Those numbers raise the specter of further inflation, and with it, rising interest rates that could play havoc with the red-hot housing market. Some regional economists long have believed it is a "bubble" waiting to burst.

"We're very exposed," said Christopher Thornberg, senior economist at UCLA's Anderson School of Management, who has maintained since last year that Southern California is in the midst of a housing bubble a view not shared by others.

Last week, economists at Morgan Stanley lowered their estimates for U.S. first-quarter GDP growth to 3.1 percent a full percentage point lower than they estimated in early April. This came on the heels of the Commerce Department's report that the U.S. trade deficit climbed to a record monthly high of $61.04 billion in February.

For weeks now, investors have looked to first-quarter earnings as a sign that acceptable growth had been maintained, despite these inflation pressures.

But so far, the news is no better than mixed. Better-than-expected earnings from United Parcel Service Inc., Nokia Corp. and Motorola Inc. provided a much-needed balm to the earlier disappointments at IBM Corp. and General Motors Corp., where out-of-control health care costs were cited as a major factor behind that company's $1.1 billion loss.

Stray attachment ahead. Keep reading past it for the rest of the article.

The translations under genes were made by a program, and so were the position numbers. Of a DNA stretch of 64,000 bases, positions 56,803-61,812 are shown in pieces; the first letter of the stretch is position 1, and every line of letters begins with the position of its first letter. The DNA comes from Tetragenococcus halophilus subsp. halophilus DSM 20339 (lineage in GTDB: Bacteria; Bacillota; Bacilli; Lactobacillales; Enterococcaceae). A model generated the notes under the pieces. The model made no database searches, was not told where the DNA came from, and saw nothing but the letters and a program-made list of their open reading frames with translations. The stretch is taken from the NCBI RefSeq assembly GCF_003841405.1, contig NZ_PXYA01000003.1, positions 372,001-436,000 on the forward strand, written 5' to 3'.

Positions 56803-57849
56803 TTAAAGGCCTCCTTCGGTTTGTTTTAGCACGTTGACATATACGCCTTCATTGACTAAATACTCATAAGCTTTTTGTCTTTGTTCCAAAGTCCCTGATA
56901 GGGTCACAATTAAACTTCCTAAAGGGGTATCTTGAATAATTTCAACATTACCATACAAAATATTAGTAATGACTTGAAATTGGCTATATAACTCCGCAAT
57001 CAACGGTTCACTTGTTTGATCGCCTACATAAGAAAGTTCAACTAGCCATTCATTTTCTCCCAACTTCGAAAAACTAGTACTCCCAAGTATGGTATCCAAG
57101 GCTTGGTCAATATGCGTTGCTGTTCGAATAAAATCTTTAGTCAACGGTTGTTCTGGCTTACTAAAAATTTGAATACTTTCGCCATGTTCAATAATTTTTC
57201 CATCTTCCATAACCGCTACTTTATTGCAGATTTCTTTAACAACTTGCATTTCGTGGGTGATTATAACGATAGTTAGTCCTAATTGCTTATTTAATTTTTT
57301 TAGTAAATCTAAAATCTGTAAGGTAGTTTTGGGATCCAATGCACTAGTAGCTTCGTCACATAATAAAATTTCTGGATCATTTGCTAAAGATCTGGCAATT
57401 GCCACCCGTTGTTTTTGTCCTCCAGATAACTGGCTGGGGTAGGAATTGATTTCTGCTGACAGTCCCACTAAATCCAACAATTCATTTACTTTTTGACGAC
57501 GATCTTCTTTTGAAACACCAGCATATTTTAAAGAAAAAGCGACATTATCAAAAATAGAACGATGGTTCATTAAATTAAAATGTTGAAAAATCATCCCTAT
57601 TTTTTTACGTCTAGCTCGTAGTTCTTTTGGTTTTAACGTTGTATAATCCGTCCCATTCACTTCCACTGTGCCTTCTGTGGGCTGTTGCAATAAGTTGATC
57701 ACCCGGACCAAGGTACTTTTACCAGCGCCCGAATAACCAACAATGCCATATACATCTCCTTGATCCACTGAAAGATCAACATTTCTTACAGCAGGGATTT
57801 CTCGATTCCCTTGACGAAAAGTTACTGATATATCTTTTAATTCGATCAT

As of last week, the general expectation was that stocks would stabilize as word of more positive first-quarter earnings begins filtering through Wall Street. There were signs of that happening last Thursday, when stocks rose sharply.

Oil shares soar
Local stocks in the LABJ 200 Index routinely outperform the Dow Jones Industrial Average and other broad market indices largely because there are so many growth-oriented public companies in the region. But this time around the margins are somewhat narrower.

For the year-to-date as of April 20, the LABJ 200 was off 4.8 percent, compared with the Dow being off 7.1 percent and the S & P; 500 off 6.1 percent.

Among local stocks, the oil sector is far outpacing the pack. Los Angeles-based Occidental Petroleum Corp. is forecast to report a 59 percent jump in first-quarter results this week and not surprisingly, its stock was up around 18 percent as of last week.

A host of Los Angeles-based companies with particular exposure to the regional economy have posted strong first-quarter results. They include FirstFed Financial Corp., a Santa Monica-based savings-and-loan, Cheesecake Factory Inc., the Calabasas Hills-based restaurant chain, and UTI Worldwide Inc., a logistics provider.